A new business thinks it has found a way to get more first-home buyers into the property market - having them going halves on a house.

Homies.co.nz has just gone live and seeks to pair up would-be property owners with others in similar situations so they can buy their first home together.

The business is the brainchild of five Auckland friends who wanted to find a solution for Kiwis who have been priced out of the property market.

One of its founders, Dominic Lauese, said the ultimate goal was for both parties to eventually own their own home.

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This way, each "homie" would be able to build equity, show evidence of regular mortgage repayments, and take advantage of any capital gains. Most importantly, they would have the security of owning their own home, he said.

"From here you can build equity and continue saving towards eventually purchasing a home on your own.

"At the current rate of house price increases, within a two-year timeframe you could possibly provide ... significant capital gains and be in a position to use these as equity or sell the property."

The method of home buying allows the pair to pool their funds for a deposit. For example, for an $800,000 house each partner would have to pay an $80,000 deposit instead of $160,000.

Mortgage repayments on a loan of that size would equate to $387 per week each (based on an interest rate of 4.79 per cent per annum over 30 years).

But what if one party wants to sell and the other doesn't? What if a homie fails to meet mortgage repayments?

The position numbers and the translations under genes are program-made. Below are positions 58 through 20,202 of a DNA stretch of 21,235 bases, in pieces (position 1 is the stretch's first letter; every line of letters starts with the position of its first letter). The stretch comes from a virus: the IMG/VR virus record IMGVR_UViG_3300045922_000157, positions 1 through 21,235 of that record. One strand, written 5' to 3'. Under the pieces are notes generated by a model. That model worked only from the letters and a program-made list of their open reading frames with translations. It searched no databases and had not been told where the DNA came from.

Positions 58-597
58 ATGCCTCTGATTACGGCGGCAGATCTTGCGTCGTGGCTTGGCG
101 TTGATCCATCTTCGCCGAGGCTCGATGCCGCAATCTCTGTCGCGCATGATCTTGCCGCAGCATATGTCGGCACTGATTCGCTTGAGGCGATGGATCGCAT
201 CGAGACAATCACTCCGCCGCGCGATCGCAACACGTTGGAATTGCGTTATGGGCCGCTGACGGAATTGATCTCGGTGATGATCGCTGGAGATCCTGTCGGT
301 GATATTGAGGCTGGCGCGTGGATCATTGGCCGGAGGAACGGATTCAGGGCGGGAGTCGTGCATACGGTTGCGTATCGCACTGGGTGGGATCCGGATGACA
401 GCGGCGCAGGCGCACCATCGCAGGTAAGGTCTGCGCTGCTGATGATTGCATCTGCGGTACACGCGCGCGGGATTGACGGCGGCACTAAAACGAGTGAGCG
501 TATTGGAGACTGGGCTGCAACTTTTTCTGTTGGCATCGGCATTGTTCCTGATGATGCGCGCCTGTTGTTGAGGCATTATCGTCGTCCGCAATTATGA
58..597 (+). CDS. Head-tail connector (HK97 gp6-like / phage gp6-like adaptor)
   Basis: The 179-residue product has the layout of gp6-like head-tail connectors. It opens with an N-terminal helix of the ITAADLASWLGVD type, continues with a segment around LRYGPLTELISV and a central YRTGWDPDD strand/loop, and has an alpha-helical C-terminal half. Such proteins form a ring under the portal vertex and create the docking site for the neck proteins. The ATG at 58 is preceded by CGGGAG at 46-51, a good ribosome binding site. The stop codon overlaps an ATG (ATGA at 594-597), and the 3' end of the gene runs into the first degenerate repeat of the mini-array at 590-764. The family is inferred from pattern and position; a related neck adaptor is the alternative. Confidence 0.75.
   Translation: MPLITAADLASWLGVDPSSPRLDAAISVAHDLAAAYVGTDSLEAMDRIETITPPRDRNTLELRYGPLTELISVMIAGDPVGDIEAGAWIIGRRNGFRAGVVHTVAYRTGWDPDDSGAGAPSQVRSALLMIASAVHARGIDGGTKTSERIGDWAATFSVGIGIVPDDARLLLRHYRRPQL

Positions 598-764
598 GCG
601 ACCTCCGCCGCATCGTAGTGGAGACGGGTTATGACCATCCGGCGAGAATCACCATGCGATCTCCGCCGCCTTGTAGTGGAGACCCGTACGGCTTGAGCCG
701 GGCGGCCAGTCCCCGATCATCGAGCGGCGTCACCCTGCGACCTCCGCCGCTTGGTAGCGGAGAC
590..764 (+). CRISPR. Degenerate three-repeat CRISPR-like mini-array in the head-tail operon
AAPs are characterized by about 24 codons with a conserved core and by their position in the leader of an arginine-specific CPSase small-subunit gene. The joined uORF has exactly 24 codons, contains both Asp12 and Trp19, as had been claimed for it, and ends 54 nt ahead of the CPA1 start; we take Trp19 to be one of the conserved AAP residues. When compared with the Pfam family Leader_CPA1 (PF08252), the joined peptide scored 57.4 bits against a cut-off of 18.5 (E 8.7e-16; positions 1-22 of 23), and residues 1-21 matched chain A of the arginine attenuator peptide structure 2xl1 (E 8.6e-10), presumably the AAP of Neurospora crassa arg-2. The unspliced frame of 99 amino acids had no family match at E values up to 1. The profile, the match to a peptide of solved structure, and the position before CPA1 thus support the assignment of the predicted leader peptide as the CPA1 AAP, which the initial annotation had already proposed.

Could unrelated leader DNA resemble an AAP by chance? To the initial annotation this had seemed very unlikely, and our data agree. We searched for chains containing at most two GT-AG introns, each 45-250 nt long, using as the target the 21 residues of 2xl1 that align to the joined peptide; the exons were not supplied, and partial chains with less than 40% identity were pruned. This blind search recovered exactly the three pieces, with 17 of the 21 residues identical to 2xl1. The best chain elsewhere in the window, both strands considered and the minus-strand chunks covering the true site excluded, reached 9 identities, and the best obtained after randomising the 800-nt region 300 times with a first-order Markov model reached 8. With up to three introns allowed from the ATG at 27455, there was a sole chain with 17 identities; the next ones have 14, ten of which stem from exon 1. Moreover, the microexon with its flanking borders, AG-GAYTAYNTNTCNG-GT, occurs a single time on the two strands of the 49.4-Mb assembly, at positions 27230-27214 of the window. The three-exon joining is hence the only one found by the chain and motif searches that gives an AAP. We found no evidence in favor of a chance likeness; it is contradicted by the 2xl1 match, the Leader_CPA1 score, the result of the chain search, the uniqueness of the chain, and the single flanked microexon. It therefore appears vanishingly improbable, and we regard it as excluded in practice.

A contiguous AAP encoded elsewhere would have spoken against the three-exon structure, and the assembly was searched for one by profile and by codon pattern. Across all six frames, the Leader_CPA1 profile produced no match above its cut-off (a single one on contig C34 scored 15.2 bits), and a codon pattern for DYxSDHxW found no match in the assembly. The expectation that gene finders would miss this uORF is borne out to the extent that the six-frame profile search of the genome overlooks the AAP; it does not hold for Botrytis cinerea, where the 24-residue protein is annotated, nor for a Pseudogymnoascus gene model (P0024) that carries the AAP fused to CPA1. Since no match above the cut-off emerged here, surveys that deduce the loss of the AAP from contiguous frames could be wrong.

Lauese said Homies sets up meetings with prospective home buyers so they can get to know one another before they team up.

It has also engaged the services of a legal firm and home loan and insurance consultants to prepare for such eventualities.

However, the partners would have to live with one another for about 12 months in order to use their KiwiSaver funds so it'd certainly pay to ensure all parties have compatible goals.

"Any time you go into a financial arrangement there's a risk, but a lot of the risks involved are risks that are faced by the everyday home owner," Lauese said.

Homies makes it money by charging $200 for an individual or $250 for a couple to attend one of its meetings.

Commenting on Homies' model, personal finance expert Mary Holm said buying a home with strangers was risky and that purchasers should always get independent legal advice.

"Spend a fair bit of time with the other people you're considering buying with. Get to know them. Have a long weekend with the people," she said.

Real Estate Institute chief executive Bindi Norwell said:

"Whilst it is good to see new ways to help people purchase their first property in New Zealand, as with any property purchase, conducting adequate due diligence on such a big commitment and decision is very important."